Then, go back to Katalon Studio, create data in the Data Files folder. Give it a name. Here I name mine ''excelfile_100cities''. A tip here: you should get a consistent format for naming your data files to find and manage them more easily. Alright, keep the type as Excel because that's what we want. Click OK. Continue to click Browse and select the Excel file . You can also choose the sheet you want to use. Save it and move on to data binding.
Select the test case. Click Add in the Test Data section and choose our Excel data file. Then, click Map all. The two variables have been bound to the two data columns that have the same names. Save it and run this test suite. It's going to run the tests according to the test data order in the Excel file. First, it searches for Atlanta... Now, it goes for New York... And lastly, Tokyo. All of our tests passed. Easy, right?
The good thing about Data-Driven Testing is you can add more test data without changing anything in the test case or test script since it is stored separately. Let's say, I want to test with another city. All I need to go to the Excel data file and add it in. For example, here I type in ''Miami'' for the city input and ''Stays in Miami'' for verification. Save this file. In case you run your test cases with CI tools and store your automation projects in a version control system like Gitlab, you will need to commit the data file change you made. Otherwise, it will use the old file to run the tests.
Let's run the test suite again to see whether it will automatically update the new test data. What we're expecting is after running the tests with Atlanta, New York, and Tokyo cities, it will continue with Miami, which we've just added. Let's wait for a bit... Ah, here it is. It runs for the 4th time and searches for Miami. All done. The report shows there are 4 ''test cases'' which are actually 4 iterations. The same goes for the Log Viewer below: Atlanta, New York, Tokyo, And Miami. That's how you apply Data-Driven Testing with Katalon Studio using an Excel file.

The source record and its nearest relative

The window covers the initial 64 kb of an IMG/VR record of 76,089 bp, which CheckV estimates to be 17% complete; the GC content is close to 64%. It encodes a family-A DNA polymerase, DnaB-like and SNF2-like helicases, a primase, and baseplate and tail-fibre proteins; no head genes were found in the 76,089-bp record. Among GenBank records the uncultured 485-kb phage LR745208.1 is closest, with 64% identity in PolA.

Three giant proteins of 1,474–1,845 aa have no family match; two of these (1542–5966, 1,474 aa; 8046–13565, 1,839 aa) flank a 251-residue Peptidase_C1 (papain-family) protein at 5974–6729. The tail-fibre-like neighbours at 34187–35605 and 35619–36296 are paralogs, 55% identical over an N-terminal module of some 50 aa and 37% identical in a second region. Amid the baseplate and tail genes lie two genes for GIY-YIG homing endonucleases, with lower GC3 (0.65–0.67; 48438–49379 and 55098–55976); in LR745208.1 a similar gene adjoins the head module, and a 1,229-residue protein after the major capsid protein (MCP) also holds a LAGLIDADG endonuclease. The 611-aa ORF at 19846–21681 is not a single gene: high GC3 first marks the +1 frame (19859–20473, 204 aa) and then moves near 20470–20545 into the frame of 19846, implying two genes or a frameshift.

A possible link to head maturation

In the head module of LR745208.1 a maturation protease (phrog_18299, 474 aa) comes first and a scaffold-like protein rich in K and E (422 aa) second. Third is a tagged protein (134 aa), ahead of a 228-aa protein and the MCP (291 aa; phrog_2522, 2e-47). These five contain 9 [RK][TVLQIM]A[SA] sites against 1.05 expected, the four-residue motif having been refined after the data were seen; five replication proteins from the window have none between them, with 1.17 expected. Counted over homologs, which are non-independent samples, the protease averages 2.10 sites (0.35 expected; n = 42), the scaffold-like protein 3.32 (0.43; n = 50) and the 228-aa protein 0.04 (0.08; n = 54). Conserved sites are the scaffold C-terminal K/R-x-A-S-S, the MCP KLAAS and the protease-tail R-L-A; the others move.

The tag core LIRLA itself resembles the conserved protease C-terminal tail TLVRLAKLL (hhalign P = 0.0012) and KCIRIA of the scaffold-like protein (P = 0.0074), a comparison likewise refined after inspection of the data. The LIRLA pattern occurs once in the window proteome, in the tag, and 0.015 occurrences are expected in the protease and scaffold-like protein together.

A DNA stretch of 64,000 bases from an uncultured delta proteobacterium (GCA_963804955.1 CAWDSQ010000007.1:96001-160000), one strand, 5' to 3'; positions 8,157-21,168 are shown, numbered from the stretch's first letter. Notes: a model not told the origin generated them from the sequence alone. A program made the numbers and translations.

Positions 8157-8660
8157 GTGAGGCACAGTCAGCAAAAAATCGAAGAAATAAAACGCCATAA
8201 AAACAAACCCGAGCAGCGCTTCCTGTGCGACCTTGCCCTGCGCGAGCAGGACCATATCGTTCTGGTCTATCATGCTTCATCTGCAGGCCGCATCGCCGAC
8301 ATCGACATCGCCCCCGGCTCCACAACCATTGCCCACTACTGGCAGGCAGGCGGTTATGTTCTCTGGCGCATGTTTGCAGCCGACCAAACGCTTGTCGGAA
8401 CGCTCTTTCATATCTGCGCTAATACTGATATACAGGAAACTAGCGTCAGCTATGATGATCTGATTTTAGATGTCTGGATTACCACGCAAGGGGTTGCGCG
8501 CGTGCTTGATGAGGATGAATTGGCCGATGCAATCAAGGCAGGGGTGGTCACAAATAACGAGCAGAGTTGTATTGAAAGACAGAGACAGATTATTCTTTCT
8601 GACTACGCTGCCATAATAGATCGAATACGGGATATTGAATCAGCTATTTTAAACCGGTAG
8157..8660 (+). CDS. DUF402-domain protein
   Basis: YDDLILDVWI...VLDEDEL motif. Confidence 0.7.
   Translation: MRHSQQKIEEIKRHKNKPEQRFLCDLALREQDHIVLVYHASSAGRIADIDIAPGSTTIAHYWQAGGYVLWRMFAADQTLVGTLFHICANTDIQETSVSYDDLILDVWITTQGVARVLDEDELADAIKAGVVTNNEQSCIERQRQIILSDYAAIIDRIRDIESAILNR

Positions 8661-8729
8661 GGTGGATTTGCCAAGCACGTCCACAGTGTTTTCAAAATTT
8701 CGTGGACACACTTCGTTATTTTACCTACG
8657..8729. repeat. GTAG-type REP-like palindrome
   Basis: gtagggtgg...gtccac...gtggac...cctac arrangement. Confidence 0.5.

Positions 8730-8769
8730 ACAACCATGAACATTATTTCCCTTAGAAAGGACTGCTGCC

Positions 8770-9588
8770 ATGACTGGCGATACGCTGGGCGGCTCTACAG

Another type of file you'll likely encounter for storing and retrieving data is CSV. It is a simple text file containing records separated by a delimiter, often a comma. Due to the simplicity and widespread use across different platforms and systems, CSV files are a preferred format for data-driven testing.
With Katalon Studio, the steps are similar to how we use an Excel file. First, create or get a CSV file. Then, create a data file in Katalon Studio and import it in. Remember to choose the CSV type and select the separator the same as the file. Next, bind variables to the test data. Finally, run the suite. That's how you apply Data-Driven Testing with an Excel or CSV file. In the next lesson, we're going to show you how to run data-driven tests with an external database and how to bind variables to different data sources. See you.
Hi! In this lesson, I'll show you how to configure and run data-driven tests with an external database. Currently, for Data-Driven Testing, Katalon Studio supports many databases which use Java Database Connectivity (JDBC for short). If you want to use any other one, just need a JDBC driver. You can check the latest updates in Katalon Docs to get the compatible database management systems and Katalon Studio versions.